Ashe then moved to send the ordinance to committee. “We owe abutters and property owners who are going to be directly affected, potentially, by this ordinance to be heard,” he said.
The ordinance creates 16 food truck slots downtown—eight near Riverfront Park and eight along Kaynor and Lyman Street. The language does not limit the number of food trucks outside downtown.
The Council did not concur. Put to recorded vote at President Orlando Ramos’ direction, the referral failed 2-9. Only Ashe and Rooke voted in the affirmative.
Rooke asked Department of Public Works Director Christopher Cignoli, about the meeting process. His department will enforce the new ordinance. Cignoli said there were about a dozen food truck meetings. But he indicated the Young Professional subcommittee and the Springfield Business Improvement District handled outreach.
Rooke then tried to invoke Rule 20, a procedural maneuver that halts a spending item pending Comptroller review. “They haven’t had an opportunity to express their opinion to make the ordinance stronger or better,” he said.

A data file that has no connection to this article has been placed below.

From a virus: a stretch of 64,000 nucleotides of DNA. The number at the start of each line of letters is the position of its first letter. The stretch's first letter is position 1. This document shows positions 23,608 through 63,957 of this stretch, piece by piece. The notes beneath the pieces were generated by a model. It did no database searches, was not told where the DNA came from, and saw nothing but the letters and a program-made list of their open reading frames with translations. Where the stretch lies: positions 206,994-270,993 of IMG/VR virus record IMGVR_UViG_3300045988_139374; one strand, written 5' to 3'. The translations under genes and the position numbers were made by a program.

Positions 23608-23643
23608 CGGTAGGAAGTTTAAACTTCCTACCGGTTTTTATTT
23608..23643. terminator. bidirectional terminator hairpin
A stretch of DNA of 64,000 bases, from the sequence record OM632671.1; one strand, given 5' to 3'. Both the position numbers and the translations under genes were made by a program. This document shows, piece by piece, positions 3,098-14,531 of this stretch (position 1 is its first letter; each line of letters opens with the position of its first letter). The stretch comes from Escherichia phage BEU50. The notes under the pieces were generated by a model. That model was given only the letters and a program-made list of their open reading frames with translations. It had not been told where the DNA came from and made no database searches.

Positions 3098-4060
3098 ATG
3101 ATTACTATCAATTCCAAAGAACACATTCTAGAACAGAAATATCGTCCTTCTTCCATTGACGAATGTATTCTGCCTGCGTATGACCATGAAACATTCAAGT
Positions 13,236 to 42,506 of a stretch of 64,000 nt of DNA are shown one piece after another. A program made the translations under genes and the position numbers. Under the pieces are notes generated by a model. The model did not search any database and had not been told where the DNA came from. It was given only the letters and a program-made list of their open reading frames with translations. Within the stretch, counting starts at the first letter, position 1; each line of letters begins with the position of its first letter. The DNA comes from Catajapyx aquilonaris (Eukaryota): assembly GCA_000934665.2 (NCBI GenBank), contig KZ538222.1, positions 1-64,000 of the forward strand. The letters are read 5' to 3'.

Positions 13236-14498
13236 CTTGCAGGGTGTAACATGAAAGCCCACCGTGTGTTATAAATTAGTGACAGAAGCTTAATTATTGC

City Clerk Anthony Wilson and assistant city solicitor Tasheena Davis advised, and Ramos ruled, that the ordinance did not apply to Rule 20. Rooke protested saying the rule does not permit debate. However, the Council amended the rule a few years ago to restrict its use to items where the expenditure of funds was at issue. Although the ordinance collects revenue, it does not obligate the city to any costs.
Cignoli also requested, and the Council approved, a technical amendment. The change corrected an amending error from the Council’s last meeting and made the ordinance uniform across the city. As the change was not substantive, the amendment did not forestall the ordinance’s final approval.
Using a rarely used rule, the Council merged second and third steps into one vote. Normally, second step is taken as a voice vote followed by a third, recorded vote state law requries. Instead, the Council took a single recorded vote. The ordinance passed 9-2. Only Ashe and Rooke dissented.
Aside from Riverfront Park, in downtown food trucks can park on Kaynor and Lyman Streets in near Union Station.
Rooke requested reconsideration. That paused the ordinance’s journey to Mayor Domenic Sarno’s desk until the Council’s June 5 meeting. Only a majority of councilors can vote to reverse Monday’s passage of the ordinance. That appears unlikely.